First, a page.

Strange Radio Signal from Deep Space Baffles Scientists
10:57:57 2024-06-08 167

We've received a strange signal from across the galaxy, and astronomers are struggling to understand what it means.

They know what's emitting the signals. It's a neutron star named ASKAP J193505.1+214841.0 (ASKAP J1935+2148 for short), located in the plane of the Milky Way, some 15,820 light-years from Earth.

But the signals themselves are like none we've ever seen before. The star goes through periods of strong pulses, periods of weak pulses, and periods of no pulses at all.

What we don't know, according to a team led by astrophysicist Manisha Caleb of the University of Sydney in Australia, is why. The strange object poses a fascinating challenge to our models of neutron star evolution – which, let's be honest, are currently pretty far from complete.

A neutron star is what's left after a star within a certain mass range dies, between about 8 and 30 times the mass of the Sun. The star's outer material is blasted off into space, culminating in a supernova explosion.

The leftover core of the star collapses under gravity, forming an ultra dense object up to 2.3 times the mass of the Sun, in a sphere just 20 kilometers (12 miles) across.

The neutron star that results can then present in a variety of ways. There's the base neutron star, which just hangs out not doing a great deal. There's the pulsar, which sweeps beams of radio emission from its poles as it rotates, flashing like a cosmic lighthouse.

And there's the magnetar, a neutron star with an extremely powerful magnetic field, which jerks and erupts as the outward pull of that magnetic field wars with the gravity keeping the star together.

There can also be some rare crossover between the neutron star types, suggesting that they may be different stages of neutron star evolution. Generally, however, pulsars, magnetars, and neutron stars tend to behave in relatively predictable ways.

ASKAP J1935+2148 does not behave in ways that are normal for a neutron star of any established kind. It was first identified serendipitously during observations of a different target, and follow-up observations were made using the Australian Square Kilometre Array Pathfinder (ASKAP) and the MeerKAT radio telescope in South Africa.

The researchers also dove into previous ASKAP observations covering the same patch of sky.

They found that ASKAP J1935+2148 has a regular period of pulses of 53.8 minutes… but that seemed to be the only normal thing about its pulsations. One pulsation mode, they found, was extremely bright, with highly linear polarization. But then it would subside completely, with no measurable pulsations at all for a period.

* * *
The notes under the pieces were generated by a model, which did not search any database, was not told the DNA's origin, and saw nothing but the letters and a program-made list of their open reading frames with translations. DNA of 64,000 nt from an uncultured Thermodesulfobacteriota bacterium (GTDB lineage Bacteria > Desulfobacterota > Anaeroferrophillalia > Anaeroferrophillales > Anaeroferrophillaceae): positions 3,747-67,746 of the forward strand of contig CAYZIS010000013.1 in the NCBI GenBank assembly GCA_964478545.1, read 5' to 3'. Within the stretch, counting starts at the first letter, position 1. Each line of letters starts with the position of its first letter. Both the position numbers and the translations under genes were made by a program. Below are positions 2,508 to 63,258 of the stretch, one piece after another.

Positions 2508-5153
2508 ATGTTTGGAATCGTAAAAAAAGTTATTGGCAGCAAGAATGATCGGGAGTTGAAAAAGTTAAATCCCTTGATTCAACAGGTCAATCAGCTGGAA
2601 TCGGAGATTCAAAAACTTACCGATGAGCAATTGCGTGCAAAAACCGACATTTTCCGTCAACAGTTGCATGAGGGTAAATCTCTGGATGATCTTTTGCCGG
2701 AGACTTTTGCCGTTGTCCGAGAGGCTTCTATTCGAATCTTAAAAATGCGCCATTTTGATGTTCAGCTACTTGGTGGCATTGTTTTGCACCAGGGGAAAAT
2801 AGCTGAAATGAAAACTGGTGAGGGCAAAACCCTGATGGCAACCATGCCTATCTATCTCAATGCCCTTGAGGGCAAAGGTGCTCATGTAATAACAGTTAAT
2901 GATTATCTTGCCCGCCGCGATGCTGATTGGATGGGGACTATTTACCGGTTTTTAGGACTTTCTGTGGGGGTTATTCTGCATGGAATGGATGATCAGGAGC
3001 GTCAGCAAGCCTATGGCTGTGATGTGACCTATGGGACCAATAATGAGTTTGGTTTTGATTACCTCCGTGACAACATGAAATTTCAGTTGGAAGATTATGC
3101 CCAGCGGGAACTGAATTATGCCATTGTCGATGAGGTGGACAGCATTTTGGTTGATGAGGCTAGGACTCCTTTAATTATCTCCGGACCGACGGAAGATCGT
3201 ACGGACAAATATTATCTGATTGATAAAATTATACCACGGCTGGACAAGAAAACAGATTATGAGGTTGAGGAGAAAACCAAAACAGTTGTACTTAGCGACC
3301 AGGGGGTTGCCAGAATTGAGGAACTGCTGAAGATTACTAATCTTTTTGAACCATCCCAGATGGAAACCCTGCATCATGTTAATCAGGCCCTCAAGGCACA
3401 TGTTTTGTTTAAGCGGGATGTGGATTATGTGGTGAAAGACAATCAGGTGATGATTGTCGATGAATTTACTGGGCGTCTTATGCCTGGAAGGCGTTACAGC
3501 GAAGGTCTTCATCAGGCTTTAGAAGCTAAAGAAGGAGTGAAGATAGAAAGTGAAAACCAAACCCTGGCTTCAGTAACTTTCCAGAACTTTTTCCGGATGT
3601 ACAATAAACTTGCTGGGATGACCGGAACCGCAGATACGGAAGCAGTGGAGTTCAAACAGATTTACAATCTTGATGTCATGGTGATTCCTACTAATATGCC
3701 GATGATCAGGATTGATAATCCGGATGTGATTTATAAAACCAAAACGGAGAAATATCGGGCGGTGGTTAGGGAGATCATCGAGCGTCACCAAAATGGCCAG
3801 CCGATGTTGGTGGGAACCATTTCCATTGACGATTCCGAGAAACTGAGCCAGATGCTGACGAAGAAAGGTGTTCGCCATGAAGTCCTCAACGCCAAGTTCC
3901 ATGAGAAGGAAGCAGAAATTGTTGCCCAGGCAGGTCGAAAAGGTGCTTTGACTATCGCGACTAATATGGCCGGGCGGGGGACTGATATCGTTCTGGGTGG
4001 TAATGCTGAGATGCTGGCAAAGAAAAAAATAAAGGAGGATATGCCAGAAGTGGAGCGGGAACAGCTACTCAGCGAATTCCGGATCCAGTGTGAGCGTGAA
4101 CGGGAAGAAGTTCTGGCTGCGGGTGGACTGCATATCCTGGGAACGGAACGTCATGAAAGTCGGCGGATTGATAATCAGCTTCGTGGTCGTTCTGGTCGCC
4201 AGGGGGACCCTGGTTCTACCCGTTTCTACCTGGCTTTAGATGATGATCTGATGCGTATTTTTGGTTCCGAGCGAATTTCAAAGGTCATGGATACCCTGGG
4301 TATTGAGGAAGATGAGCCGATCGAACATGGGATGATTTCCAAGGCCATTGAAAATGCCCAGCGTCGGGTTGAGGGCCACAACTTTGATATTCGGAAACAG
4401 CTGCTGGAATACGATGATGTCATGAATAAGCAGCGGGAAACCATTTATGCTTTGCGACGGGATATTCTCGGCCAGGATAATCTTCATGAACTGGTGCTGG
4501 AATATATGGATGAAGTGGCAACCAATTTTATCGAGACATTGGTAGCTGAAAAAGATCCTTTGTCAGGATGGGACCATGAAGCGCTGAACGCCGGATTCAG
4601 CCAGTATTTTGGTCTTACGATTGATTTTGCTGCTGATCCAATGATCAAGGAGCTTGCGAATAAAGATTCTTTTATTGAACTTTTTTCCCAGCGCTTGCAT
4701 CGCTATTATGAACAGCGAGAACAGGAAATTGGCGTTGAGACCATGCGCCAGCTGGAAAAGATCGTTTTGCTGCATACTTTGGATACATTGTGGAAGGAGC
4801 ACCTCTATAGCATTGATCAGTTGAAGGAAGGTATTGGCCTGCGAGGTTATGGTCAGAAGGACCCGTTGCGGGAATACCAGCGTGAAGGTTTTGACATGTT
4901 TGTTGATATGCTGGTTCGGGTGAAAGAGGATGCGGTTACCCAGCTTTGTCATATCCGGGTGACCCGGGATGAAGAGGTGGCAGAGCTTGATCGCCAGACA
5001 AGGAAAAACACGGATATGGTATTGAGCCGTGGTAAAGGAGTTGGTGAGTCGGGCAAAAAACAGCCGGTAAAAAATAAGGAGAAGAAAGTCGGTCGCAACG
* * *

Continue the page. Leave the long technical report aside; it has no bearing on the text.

Finally, the star was detected resuming its pulsation activity – but a whopping 26 times fainter than its earlier bright mode, and with light that is circularly polarized.

In recent years, several strange objects have been found spitting out repeating signals in the southern sky. Although they don't all behave the same way, they could be related.

 GLEAM-X J162759.5-523504.3 is an object near the galactic center that was caught spitting out bizarrely bright flashes for just three months before falling quiet again. GPM J1839-10 was found to behave like a bizarrely slow pulsar, emitting five-minute bursts of radio waves every 22 minutes. And GCRT J1745-3009 is a pulsing object near the galactic center with a period of 77 minutes.

We don't know for a certainty what any of these objects are, but neutron stars seem likely. And ASKAP J1935+2148, Caleb and her colleagues suggest, could be a sort of bridge between the different states.

The differences between its pulsation modes are likely connected to magnetospheric changes and processes, suggesting that all the objects belong to a new class of magnetars, possibly as they evolve into pulsars.

"ASKAP J1935+2148 is probably part of an older population of magnetars with long spin periods and low X-ray luminosities, but magnetized enough to be able to produce coherent radio emission," the researchers write in their paper.

"It is important that we probe this hitherto unexplored region of the neutron-star parameter space to get a complete picture of the evolution of neutron stars, and this may [be] an important source to do so."


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